ESPEY v. STATE

6 Div. 226.

105 So.2d 93 (1958)

Curt ESPEY et al. v. STATE of Alabama ex rel. Fred W. NICOL, Deputy Solicitor.

Supreme Court of Alabama.


Attorney(s) appearing for the Case

Geo. S. Wright and Wm. J. Donald, Tuscaloosa, for appellant.

John Patterson, Atty. Gen., and Wm. C. Younger, Asst. Atty. Gen., for appellee.


SIMPSON, Justice.

This is an appeal by Curt Espey and Evra Espey from a final decree in equity rendered September 30, 1957, perpetually enjoining appellants from selling or keeping, for sale prohibited liquors on certain described premises, and from keeping, operating or maintaining a liquor nuisance on said premises; and ordering that the building on said premises be closed and padlocked for twelve months from that date.

The decree was rendered in a suit in equity begun by Fred W. Nicol as deputy solicitor for the Sixth Judicial Circuit of Alabama.

This appeal is taken by respondents with execution of security for costs, duly approved by the register as provided by section 792, Title 7, Code, and citation of appeal directed to Fred W. Nicol, solicitor of record for complainant, the State of Alabama: service of which was accepted by "Fred W. Nicol, solicitor of record for the complainant, the State of Alabama". The State, by the Attorney General, has moved to dismiss the appeal on several grounds. One of the grounds argued in the brief of the Attorney General on said motion is that the citation of appeal was not served on him, and that its service upon the solicitor instituting and prosecuting the suit does not comply with the law. In support of that contention the State relies upon the authority of section 228, Title 55, Code. Said section provides, among other things: "He (Attorney General) must attend, on the part of the state, * * * to all civil suits in which the state is a party in the same (Supreme, etc.) courts".

The cause was submitted on said motion and on merits.

The transcript was filed in this court on December 16, 1957. The errors were assigned on it at that time, being dated December 13, 1957, as required by Supreme Court Rule 1, Code 1940, Tit. 7 Appendix. There appears, following the assignments of error on the transcript, a joinder in error by the Attorney General dated December 31, 1957, as provided in said rule. Such joinder in error, following the assignments of error on the record, is a waiver by the Attorney General of the citation of appeal required by section 801, Title 7, Code. The purpose of the citation is to be sure that the Attorney General has record notice of the appeal. As stated above the transcript was filed December 16, 1957 and the joinder in the assignments of error was dated December 31, 1957, which was notice of appeal to the Attorney General. The motion to dismiss, therefore, on the stated ground is overruled. 5 C.J.S. Appeal and Error § 1296, p. 203.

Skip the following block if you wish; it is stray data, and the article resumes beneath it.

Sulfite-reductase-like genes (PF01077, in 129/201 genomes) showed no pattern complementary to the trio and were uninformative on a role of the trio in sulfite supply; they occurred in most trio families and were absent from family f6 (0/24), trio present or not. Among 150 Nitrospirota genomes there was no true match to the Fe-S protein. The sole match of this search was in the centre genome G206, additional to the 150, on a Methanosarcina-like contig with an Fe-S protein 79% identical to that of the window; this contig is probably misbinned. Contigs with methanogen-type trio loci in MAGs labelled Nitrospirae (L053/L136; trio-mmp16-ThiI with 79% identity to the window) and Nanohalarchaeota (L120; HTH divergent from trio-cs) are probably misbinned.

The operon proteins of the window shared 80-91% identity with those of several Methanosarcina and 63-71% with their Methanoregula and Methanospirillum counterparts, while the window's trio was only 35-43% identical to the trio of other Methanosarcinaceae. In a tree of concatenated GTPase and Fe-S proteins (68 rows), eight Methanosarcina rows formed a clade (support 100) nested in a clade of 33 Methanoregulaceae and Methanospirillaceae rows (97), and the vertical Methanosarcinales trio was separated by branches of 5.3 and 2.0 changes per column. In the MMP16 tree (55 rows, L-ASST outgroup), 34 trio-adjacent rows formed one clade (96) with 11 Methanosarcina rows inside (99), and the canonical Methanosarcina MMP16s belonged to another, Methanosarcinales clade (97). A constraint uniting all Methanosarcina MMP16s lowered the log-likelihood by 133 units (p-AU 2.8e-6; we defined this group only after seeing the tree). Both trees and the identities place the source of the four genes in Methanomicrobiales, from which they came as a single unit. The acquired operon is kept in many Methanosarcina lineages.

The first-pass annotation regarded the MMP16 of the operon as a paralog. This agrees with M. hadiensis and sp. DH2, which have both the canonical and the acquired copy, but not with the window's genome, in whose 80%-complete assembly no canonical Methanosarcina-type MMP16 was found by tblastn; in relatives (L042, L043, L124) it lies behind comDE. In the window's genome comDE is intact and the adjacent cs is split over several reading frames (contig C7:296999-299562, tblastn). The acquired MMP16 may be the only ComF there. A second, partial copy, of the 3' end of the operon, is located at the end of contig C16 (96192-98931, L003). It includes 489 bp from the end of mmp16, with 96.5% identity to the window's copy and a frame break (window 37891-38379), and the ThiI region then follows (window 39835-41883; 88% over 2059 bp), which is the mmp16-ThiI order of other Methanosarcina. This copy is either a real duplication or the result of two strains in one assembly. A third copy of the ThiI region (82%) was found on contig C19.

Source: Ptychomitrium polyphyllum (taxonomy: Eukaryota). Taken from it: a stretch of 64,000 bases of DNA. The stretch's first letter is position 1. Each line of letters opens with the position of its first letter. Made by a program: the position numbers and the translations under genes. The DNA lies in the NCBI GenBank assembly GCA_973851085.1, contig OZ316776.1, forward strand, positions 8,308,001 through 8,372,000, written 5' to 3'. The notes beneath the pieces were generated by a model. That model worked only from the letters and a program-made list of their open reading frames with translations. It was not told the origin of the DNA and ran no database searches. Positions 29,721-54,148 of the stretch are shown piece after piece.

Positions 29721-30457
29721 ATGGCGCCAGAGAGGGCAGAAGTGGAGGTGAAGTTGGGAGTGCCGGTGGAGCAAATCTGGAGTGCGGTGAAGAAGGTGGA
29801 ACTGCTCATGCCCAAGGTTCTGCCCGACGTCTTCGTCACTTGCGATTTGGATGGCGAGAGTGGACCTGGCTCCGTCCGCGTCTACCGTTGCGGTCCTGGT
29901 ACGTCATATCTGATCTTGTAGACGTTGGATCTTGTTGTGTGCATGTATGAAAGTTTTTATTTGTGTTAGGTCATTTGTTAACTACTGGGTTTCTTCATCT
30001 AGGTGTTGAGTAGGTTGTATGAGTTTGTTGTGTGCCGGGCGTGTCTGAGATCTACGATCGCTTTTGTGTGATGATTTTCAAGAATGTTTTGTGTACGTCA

Other grounds of the motion to dismiss the appeal are: that a copy of the transcript was not served on appellee or its attorney as required by section 768, Title 7, Code; that there has been no certificate of appellants or their counsel that a copy of the assignments of error has been served on appellee or its counsel, (nor do we find such a certificate in the record—Supreme Court Rule 1).

The joinder in error by the Attorney General made on the record a few days after the transcript was filed in this court shows of record that the Attorney General knew that the appeal had been taken, knew what the assignments of error were, and that he had access to the record. The defects noted were therefore waived. 5 C.J.S. Appeal and Error § 1296, p. 203.

Since the motion to dismiss the appeal should not be sustained, we shall proceed to a consideration of the merits of the cause.

On The Merits.

These proceedings were begun by the State, on relation of Fred W. Nicol, deputy solicitor of the Sixth Judicial Circuit, under the provisions of sections 141 et seq., Title 29, Code, to abate an alleged liquor nuisance. This appeal is from a final decree making permanent a temporary injunction theretofore granted and ordering a padlocking of the premises known as the "Curt Espey Place," which are more particularly described in the bill of complaint.

The cause was heard in the Circuit Court, in Equity, of Tuscaloosa County on testimony taken ore tenus before the trial judge. The testimony supported the decree which has the effect of a verdict of the jury. Pritchett v. Wade, 261 Ala. 156(3), 73 So.2d 533; Harvell v. State, 235 Ala. 329, 179 So. 233.

We realize that padlocking is a severe remedy depriving one of the use of his property for lawful purposes, and should be exercised only as a necessary measure to enforce the law. But "where the party is shown by his conduct to be a persistent violator of the law, determined to evade it, padlocking is proper, but to be modified where it sufficiently appears the property will not be again employed in the conduct of a liquor nuisance". Garrett v. State, ex rel. Mattews, 235 Ala. 457, 179 So. 636.

The same question has been tried in several other cases which came before this court, and we feel a delineation of the facts with a detailed discussion is unnecessary. Thompson v. State, Ala., 99 So.2d 198; Gorman v. State, 240 Ala. 175, 198 So. 3; Garrett v. State, ex rel. Matthews, supra.

The decree of the lower court is affirmed.

Affirmed.

LAWSON, GOODWYN and MERRILL, JJ., concur.


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